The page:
President Donald Trump said Monday he's in no rush to respond to a coordinated attack that hit Saudi Arabia's oil industry over the weekend.Marketsread more
The price of oil could go sharply higher, depending on the duration of the disruption at Saudi oil facilities and whether there is a military response.Powering the Futureread more
Energy stocks, one of the worst-performing sectors this year, spiked Monday after an attack on Saudi Arabia's heart of oil production Saturday sent oil prices soaring.Marketsread more
The Saudi-led military coalition battling Yemen's Houthi movement said on Monday that the attack on Saudi oil plants was carried out by Iranian weapons and did not originate...Oilread more
After a series of setbacks on the road to an initial public offering, the parent company of real estate start-up WeWork is delaying the move, sources told CNBC Monday.Technologyread more
"The United States military, with our interagency team, is working with our partners to address this unprecedented attack and defend the international rules-based order that...Politicsread more
Crude oil's spike following attacks on Saudi Arabia's energy supply has experts weighing whether or not the gains will last.ETF Edgeread more
"In the old days, the averages would've plunged on this kind of oil shock. I know because I've lived through a bunch of them, starting in 1973," Jim Cramer says.Mad Money with Jim Cramerread more
Traders in the fed funds futures market on Monday were pricing in a 34% chance that the Fed will stay put on rates.The Fedread more
The meeting comes amid months of stalled trade talks between Washington and New Delhi, resulting in both sides taking retaliatory measures.Asia Politicsread more
Gas prices could rise by about 20 cents per gallon "starting tomorrow," oil analyst Andy Lipow says Monday.Oil and Gasread more
When we pulled onto the highway in Palo Alto, California I knew this was not just another test drive.
After a few cars passed me and we merged into our lane, the Audi A7 test car let me know it was ready for piloted driving.
I pressed two buttons on the steering wheel, a green L.E.D. strip of lighting on the dashboard let me know the car was now in control of its steering and speed.
With that, I was seeing in real world traffic, not on a closed test track, how the next level of autonomous driving is closer than many thought possible just a few years ago.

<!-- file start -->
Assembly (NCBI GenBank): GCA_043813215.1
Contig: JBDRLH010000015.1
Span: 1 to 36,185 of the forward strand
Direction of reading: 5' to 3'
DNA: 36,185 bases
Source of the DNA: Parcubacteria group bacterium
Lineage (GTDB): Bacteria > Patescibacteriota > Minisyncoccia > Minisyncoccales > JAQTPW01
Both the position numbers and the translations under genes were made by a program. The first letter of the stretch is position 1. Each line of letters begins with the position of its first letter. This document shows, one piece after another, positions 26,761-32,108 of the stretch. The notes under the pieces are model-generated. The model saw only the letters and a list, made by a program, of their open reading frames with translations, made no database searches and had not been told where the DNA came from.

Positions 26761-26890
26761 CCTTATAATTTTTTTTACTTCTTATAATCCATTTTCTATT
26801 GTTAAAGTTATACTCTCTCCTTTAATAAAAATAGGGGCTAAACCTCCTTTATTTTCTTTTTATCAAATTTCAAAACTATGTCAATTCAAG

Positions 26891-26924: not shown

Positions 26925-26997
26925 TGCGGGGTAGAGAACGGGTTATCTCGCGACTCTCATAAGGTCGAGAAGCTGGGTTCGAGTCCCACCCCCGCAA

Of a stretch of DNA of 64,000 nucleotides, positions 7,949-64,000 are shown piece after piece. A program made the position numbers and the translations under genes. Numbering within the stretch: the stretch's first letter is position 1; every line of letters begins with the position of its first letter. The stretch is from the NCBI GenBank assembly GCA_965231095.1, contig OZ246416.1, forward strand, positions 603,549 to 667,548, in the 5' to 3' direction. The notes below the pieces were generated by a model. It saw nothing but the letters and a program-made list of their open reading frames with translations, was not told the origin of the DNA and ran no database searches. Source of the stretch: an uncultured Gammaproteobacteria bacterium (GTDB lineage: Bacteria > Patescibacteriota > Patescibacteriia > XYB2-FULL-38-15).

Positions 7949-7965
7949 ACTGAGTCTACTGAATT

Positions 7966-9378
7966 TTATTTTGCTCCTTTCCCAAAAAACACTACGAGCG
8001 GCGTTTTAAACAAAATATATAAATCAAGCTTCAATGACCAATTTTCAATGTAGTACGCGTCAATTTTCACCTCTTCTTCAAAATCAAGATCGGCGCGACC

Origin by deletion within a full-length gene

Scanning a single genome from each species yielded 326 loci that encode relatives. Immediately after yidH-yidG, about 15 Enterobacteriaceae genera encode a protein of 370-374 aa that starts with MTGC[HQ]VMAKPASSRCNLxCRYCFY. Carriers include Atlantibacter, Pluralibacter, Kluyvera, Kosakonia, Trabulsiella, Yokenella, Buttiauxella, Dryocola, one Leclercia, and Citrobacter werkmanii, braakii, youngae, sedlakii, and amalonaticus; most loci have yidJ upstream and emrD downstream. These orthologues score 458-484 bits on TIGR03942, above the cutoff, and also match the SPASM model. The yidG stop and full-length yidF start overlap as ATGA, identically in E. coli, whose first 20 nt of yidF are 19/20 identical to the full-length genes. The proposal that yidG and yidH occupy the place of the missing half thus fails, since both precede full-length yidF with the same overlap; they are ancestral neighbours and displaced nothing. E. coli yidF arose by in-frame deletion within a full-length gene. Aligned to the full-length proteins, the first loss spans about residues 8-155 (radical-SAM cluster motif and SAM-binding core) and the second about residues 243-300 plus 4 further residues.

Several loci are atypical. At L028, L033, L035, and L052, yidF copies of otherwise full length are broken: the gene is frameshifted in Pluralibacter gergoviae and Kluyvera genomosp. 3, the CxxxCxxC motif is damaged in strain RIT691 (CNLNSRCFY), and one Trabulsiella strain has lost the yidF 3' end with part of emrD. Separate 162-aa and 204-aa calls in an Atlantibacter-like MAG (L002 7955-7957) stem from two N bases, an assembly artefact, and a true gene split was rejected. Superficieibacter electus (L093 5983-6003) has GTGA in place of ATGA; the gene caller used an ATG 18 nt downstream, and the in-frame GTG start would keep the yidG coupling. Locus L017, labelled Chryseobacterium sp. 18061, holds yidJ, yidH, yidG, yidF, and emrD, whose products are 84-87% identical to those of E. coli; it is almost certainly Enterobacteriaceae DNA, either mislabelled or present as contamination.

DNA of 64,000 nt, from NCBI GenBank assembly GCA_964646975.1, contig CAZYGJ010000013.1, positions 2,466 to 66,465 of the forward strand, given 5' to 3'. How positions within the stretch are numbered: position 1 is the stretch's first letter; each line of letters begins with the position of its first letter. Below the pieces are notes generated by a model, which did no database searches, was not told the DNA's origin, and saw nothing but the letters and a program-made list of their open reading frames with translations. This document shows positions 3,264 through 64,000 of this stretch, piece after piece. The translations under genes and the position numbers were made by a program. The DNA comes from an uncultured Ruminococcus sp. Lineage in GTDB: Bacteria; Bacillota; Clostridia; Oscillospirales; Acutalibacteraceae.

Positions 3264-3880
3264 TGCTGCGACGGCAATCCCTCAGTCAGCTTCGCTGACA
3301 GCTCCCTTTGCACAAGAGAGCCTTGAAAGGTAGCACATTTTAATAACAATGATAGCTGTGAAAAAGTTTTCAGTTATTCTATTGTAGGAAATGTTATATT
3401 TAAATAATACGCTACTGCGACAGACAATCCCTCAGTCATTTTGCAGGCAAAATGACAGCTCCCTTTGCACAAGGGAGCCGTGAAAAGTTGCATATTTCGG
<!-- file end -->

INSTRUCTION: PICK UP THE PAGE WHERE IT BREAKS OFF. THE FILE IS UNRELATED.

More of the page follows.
What was it like?
Very normal and easy to use. As the A7 changed lanes on Interstate 580 outside Palo Alto, I was not holding the steering wheel.
Instinctively, I checked the side mirror and looked over my shoulder to make sure the coast was clear. It didn't matter, the A7 had already scanned the lane to my left and made the decision it was clear to move over.
After that, we moved along with the traffic without me having to actively drive the A7 while we were on the highway. When it was time to exit, I pressed the same two buttons on the steering wheel and took control again.
"The technology is coming along quickly," said Daniel Lipinski, one of several Audi engineers who developed the automaker's piloted driving technology. "You can see that this is a natural next step to the other driver assistance systems already being developed."
Audi's system is intuitive, easy to use and in many ways does feel like what we'll expect from the next generation of cruise control.
20 sensors and cameras built into the A7 concept car let the car measure where other cars and trucks are on the highway, how fast they are travelling and when the Audi should lane change or alert you, as the driver, to take control of the car and resume manual driving.
"Our goal is to make driving safer," said Lipinski who has logged many of the 50,000 miles Audi has put into developing piloted driving software. "We need to show the technology is safe and is a benefit and show we can be ready under certain situations."
Audi allowed me and handful of other journalists to test drive the A7 with piloted driving technology only after we were licensed by the state of California for this one-time road trip.
Ultimately, it will be up to state regulators to determine when a feature like Audi's Piloted Driving technology is ready to be included in the cars and trucks we buy. Before that happens there will be a lot of debate about how much piloted driving on the highway will encourage drivers to pay even less attention when they're behind the wheel.
But already, industry veterans like John Krafcik, the President of TrueCar, see how systems that offer driver's the next level of cruise control will be in demand.
"I think car buyers are going to want this type of technology," said Krafcik. "Why not? If it can make driving on the highway safer and pay attention if you're not, a lot of people will find that appealing."
Questions? Comments? BehindTheWheel@cnbc.com.